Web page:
Going from a sewer connection to a septic system can feel like a huge change.
Maybe you’ve gotten used to dealing with a sewer drain clog. Or perhaps, you’ve already mastered identifying whether the problem lies with your connection or the city sewer main.
Septic systems are pretty different, though. Instead of wastewater and sewage flowing to a municipal sewer system, they flow out to septic tanks and drainage fields. At some point, these become saturated, needing professional services to pump them out.
Sometimes, a septic tank will require significant work so that experts can modify the system. That being said, if you’re still trying to figure out how your septic system works and how to maintain it, read on.
Septic System Basics
Waste management using septic systems is a fascinating example of technology working with nature. You see, your septic system is composed of two major parts–a septic tank and a drainage field.
When you do laundry, wash the dishes, or take a bath, the water you use goes into a septic tank. If you don’t know where to locate yours, look around your yard. It’s usually buried 10 to 25 feet away from a house.
Septic tanks digest the organic matter from wastewater so that solids, oils, and grease stay in the tank. Only the remaining liquid or effluent leaves the tank, slowly entering the drain field.
Here, pretreatment of the effluent happens as it filters through the soil. Further treatment occurs the longer it stays in the ground. Then the system will discharge it to groundwater.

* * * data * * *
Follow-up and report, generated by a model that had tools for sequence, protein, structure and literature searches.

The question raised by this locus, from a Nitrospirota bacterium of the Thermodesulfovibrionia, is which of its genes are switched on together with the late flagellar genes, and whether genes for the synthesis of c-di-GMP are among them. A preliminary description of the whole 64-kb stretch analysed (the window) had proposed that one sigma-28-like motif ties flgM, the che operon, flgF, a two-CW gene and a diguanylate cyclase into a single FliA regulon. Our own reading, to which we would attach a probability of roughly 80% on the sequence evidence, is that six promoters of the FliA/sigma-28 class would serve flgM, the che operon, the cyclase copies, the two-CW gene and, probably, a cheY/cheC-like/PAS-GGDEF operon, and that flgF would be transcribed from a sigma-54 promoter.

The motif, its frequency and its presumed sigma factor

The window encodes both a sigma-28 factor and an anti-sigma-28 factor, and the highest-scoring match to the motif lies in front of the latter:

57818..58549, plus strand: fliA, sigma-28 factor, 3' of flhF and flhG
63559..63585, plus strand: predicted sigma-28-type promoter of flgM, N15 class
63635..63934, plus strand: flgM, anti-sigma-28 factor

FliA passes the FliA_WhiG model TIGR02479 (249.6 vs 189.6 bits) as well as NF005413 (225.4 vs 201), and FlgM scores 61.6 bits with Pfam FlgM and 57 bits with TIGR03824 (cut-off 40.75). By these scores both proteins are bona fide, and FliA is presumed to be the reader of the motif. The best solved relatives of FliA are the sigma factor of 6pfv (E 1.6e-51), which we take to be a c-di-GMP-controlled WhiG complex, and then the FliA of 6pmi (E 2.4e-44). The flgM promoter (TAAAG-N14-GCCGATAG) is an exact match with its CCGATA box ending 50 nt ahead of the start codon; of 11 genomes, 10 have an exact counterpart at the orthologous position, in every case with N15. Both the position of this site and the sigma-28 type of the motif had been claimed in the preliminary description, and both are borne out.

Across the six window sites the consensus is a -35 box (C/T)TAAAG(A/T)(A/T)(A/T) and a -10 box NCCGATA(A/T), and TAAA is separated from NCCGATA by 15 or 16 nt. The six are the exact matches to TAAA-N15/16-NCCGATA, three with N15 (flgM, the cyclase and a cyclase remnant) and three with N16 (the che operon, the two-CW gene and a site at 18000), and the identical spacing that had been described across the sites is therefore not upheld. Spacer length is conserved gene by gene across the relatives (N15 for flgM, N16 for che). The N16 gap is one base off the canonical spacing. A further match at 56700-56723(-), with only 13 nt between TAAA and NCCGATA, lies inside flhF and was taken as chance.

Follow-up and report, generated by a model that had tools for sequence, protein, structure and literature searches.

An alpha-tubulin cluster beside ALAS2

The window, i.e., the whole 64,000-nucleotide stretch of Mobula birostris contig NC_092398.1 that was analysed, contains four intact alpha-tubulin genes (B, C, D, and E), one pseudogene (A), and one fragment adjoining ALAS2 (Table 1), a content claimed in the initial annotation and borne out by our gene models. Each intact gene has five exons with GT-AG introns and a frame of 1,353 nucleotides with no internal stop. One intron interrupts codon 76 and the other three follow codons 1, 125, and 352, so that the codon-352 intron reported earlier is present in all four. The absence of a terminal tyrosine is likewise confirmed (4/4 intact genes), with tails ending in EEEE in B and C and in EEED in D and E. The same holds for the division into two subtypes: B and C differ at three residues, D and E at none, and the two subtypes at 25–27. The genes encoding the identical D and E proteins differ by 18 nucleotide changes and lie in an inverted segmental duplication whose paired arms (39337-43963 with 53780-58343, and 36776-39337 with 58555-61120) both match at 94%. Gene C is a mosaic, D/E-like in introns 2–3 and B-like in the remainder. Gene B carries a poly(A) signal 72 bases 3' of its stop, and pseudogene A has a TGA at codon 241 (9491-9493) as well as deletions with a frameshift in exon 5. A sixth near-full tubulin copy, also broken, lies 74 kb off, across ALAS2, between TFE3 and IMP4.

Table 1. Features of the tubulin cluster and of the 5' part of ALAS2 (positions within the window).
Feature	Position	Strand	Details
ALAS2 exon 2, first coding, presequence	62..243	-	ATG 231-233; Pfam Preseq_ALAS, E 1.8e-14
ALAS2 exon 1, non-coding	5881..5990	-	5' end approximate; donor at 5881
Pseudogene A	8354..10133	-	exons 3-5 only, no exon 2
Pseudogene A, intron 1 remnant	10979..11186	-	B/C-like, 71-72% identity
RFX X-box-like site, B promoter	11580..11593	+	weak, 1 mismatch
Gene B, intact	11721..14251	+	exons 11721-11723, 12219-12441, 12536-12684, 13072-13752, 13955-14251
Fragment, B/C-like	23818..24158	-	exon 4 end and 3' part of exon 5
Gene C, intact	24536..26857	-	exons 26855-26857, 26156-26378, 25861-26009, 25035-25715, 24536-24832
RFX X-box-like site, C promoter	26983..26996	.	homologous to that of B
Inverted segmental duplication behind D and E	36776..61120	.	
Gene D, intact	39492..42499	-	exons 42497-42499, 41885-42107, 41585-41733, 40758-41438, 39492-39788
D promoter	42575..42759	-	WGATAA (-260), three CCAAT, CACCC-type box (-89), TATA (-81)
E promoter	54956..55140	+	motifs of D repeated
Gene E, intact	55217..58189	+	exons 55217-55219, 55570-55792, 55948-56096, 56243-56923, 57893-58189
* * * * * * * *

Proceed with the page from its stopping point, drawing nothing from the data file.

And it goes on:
Septic Tank Maintenance
Soil absorption fields can flood when septic systems fail. When this happens, it creates problems such as backups in toilets and sinks. Keep in mind that this is a health hazard that can cause diseases like gastroenteritis.
You’re lucky if you’re having a new septic system installed. Since this requires a building permit, inspectors will check the building site and the grounds to see if it can support a septic system. Proper installation goes a long way in septic tank maintenance.
Before installation, you can also work with a septic tank design expert. Your property might be better off with an alternative system that disinfects wastewater before it enters the soil.
After installation, you can keep your septic tank and system in great shape by not overloading it with water. That means repairing leaks, using aerators on faucets, buying energy-efficient appliances, and so on. You can also protect your septic system by disposing of garbage properly, planting grass over your drain field, and performing regular maintenance.
Take Care of Your Septic Tank and System
Septic system maintenance is more manageable with proper installation. If you don’t know where to start, consider working with a septic system design professional to minimize problems down the road.
When your system’s up and running, make water-saving practices the norm in your home. Remember, all water that you use ends up in your septic tank.
For more home improvement tips and advice, check out our other posts.